able to correct 71.3% of their syntax errors. The mean logical error was one mistake. The subject
corrected 75% of their logical errors.

Second Testing Round

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5
Syntax Errors

4
Errors
3
Corrected Errors
2
1
0
1   2   3     4    5        6   7   8
Testers

Figure 1) The graph shows the syntax errors along with the number of corrected errors
for the test subjects during the second round of testing. This graph demonstrates that the
subjects in round 1 were able to correct more syntax errors than the subjects in round 2.

Qualitative

them to give their opinion on the content of the manual. Co-discovery recordings were also
analyzed to gather qualitative data.

We wanted to find out if testers were able to follow the organization of the manual and
understand the visuals of the example programs. Also, we wanted to know if the wording of the
specific steps was confusing to the users. The results of our survey are given below:

First round

   Most users found that the manual contained a sufficient amount of instructions in order to

   Some users were confused about writing multiple statements in an if-then structure.

   Several test subjects found that specific tasks were not well pronounced.

   Most users felt that the instructions should be placed before the figures.

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   Some test subjects were confused about the syntax of logical conditions.

   Most test subjects felt that the visuals were very helpful in completing the tasks.

   Users did not know how to fix errors when their program failed to run.

Second round

   Users gave positive feedback about the debugging section.

   Users found the organization and content to be easily understandable.

   Users found the instructions to be sufficient.

   Most users felt they could create a program in MATLAB.

ANALYSIS

Our tests have shown this to be a working manual with a few minor problems. Our original goal
was to have 70% success on writing our test program, which is what we finally got on our third
round. We saw a strong correlation between adding the debugging section and subjects being
able to complete a working program on their own.

Students often made the same mistakes in their tests. The test program looked very similar from
group to group. Often times the subject(s) would leave off a semi colon at the end of a few lines
that should have it, and placed some statements inside or outside of the “if” statement that should
not have been there. Given a little bit of time, and the debugging section for stage 3 testers, most
errors were corrected. Based on this, we are adding more emphasis in the manual on these two
subjects to improve the final release’s success percentile.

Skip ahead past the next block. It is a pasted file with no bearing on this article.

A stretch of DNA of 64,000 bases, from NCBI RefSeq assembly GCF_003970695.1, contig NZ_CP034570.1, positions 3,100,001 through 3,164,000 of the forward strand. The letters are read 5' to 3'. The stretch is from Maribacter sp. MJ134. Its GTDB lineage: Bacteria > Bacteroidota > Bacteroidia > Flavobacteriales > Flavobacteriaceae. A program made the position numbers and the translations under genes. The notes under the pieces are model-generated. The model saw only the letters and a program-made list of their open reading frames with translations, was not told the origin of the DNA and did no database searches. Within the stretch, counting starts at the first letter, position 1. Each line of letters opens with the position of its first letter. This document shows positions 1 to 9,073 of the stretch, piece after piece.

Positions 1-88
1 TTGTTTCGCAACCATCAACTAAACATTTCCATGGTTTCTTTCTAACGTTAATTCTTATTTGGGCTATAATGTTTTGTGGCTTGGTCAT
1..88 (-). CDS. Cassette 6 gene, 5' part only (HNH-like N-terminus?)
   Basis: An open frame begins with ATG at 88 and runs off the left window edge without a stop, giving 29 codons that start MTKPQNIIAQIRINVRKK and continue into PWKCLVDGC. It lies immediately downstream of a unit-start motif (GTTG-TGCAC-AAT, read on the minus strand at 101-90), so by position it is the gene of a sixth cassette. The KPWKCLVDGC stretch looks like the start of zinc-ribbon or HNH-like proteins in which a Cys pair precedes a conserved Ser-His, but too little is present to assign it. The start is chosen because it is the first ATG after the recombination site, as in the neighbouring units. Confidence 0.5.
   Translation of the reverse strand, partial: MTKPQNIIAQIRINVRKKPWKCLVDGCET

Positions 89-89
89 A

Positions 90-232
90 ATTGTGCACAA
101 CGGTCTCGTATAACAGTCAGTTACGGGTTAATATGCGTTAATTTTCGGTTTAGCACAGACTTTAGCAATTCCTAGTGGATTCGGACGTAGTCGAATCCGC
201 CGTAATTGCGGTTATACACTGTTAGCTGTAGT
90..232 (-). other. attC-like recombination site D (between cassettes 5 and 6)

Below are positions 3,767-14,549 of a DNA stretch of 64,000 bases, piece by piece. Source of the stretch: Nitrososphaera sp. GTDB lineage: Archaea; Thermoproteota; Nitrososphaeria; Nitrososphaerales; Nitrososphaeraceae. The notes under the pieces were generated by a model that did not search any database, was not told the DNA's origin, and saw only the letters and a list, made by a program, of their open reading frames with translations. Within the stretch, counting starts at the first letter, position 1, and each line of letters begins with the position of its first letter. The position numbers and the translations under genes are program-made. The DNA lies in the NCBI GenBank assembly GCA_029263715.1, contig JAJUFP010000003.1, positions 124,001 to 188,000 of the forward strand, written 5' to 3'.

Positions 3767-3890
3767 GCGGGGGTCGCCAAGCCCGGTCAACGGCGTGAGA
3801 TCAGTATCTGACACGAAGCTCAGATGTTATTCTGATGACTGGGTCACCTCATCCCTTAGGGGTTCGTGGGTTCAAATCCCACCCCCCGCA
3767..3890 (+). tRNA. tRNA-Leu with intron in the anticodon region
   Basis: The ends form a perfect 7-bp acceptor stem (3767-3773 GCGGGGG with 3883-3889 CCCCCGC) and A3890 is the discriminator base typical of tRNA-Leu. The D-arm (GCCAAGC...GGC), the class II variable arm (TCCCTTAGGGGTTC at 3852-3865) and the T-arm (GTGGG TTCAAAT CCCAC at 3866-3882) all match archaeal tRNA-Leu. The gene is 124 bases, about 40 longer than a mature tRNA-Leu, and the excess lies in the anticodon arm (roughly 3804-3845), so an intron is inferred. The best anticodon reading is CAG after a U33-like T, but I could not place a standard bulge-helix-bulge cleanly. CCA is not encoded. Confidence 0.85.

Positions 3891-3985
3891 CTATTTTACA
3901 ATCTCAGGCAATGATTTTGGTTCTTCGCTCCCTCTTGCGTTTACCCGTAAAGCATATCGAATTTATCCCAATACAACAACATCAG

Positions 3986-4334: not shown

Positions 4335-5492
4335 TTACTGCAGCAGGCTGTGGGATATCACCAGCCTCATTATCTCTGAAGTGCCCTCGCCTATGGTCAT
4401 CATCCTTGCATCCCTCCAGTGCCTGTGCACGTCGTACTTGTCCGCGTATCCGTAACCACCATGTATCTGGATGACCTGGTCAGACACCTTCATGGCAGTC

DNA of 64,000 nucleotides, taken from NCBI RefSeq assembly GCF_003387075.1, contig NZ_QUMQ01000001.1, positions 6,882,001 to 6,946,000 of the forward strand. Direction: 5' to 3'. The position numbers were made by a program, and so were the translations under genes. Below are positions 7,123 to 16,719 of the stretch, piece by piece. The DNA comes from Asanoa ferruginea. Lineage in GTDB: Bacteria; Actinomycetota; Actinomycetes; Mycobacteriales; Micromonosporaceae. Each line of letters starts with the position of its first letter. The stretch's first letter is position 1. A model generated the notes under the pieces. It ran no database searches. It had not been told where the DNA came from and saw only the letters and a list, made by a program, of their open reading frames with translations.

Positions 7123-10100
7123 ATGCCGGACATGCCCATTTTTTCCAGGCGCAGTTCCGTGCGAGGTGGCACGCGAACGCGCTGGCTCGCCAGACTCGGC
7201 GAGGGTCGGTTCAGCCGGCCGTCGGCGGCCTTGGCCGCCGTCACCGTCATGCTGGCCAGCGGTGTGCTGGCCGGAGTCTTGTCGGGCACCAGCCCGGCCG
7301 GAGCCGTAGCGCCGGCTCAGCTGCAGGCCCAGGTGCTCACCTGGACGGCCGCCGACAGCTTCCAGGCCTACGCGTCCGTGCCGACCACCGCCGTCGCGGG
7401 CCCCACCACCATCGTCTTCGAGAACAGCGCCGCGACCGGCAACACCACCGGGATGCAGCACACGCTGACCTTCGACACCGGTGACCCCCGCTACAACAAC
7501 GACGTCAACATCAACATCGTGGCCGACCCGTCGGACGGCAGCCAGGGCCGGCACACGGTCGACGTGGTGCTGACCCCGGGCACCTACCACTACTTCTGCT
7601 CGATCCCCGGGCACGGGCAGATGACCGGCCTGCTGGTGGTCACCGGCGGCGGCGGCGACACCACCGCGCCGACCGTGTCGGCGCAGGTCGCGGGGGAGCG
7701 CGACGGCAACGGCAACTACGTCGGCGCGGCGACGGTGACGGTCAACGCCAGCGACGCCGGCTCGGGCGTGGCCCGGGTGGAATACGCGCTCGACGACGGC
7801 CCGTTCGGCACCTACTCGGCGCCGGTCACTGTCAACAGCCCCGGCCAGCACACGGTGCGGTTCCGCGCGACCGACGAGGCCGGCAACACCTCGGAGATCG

The 70% success was our original goal, but error rates varied significantly between groups.
With this in mind, a larger test group’s numbers may fall. To ensure that the manual maintains at
least the minimum success rate, we’ve made a few changes for the final draft. The most
significant being the emphasis on certain problem sections in the manual as described above.
Secondly, our tables, graphics and pages were not numbered during testing. Groups reported this
as confusing and frustrating. This also has been corrected. Finally, we’ve decided to move the
debugging section up before the line program. The testers told us that they sometimes had to just
copy the code during the line program without knowing exactly what it meant. We feel that if
people read the debugging section first, they’ll know why the code reads how it does and will be

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CONCLUSION

After testing was complete, several changes were made to the original MATLAB instruction
manual. In the survey, many users commented that some steps were particularly confusing or
poorly worded. Changes were made to the word choice and clarity of certain steps in the manual
according to the suggestions in the surveys taken by the testers.

Also, the debugging section was added to the manual in order to help users fix common
programming errors. The addition of a debugging section showed a significant improvement in
success rate among both individual and co-discovery testers. It is encouraged that all
programmers, no matter the skill level, check each line of their program for common syntax
errors.

Regardless of whether the testers used the manual with or without the debugging section, the co-
discovery teams had a higher success rate than the individual testers. Furthermore, the
completion time for co-discovery teams was generally shorter. Working in teams will most likely
improve users understanding of the manual and the programming process.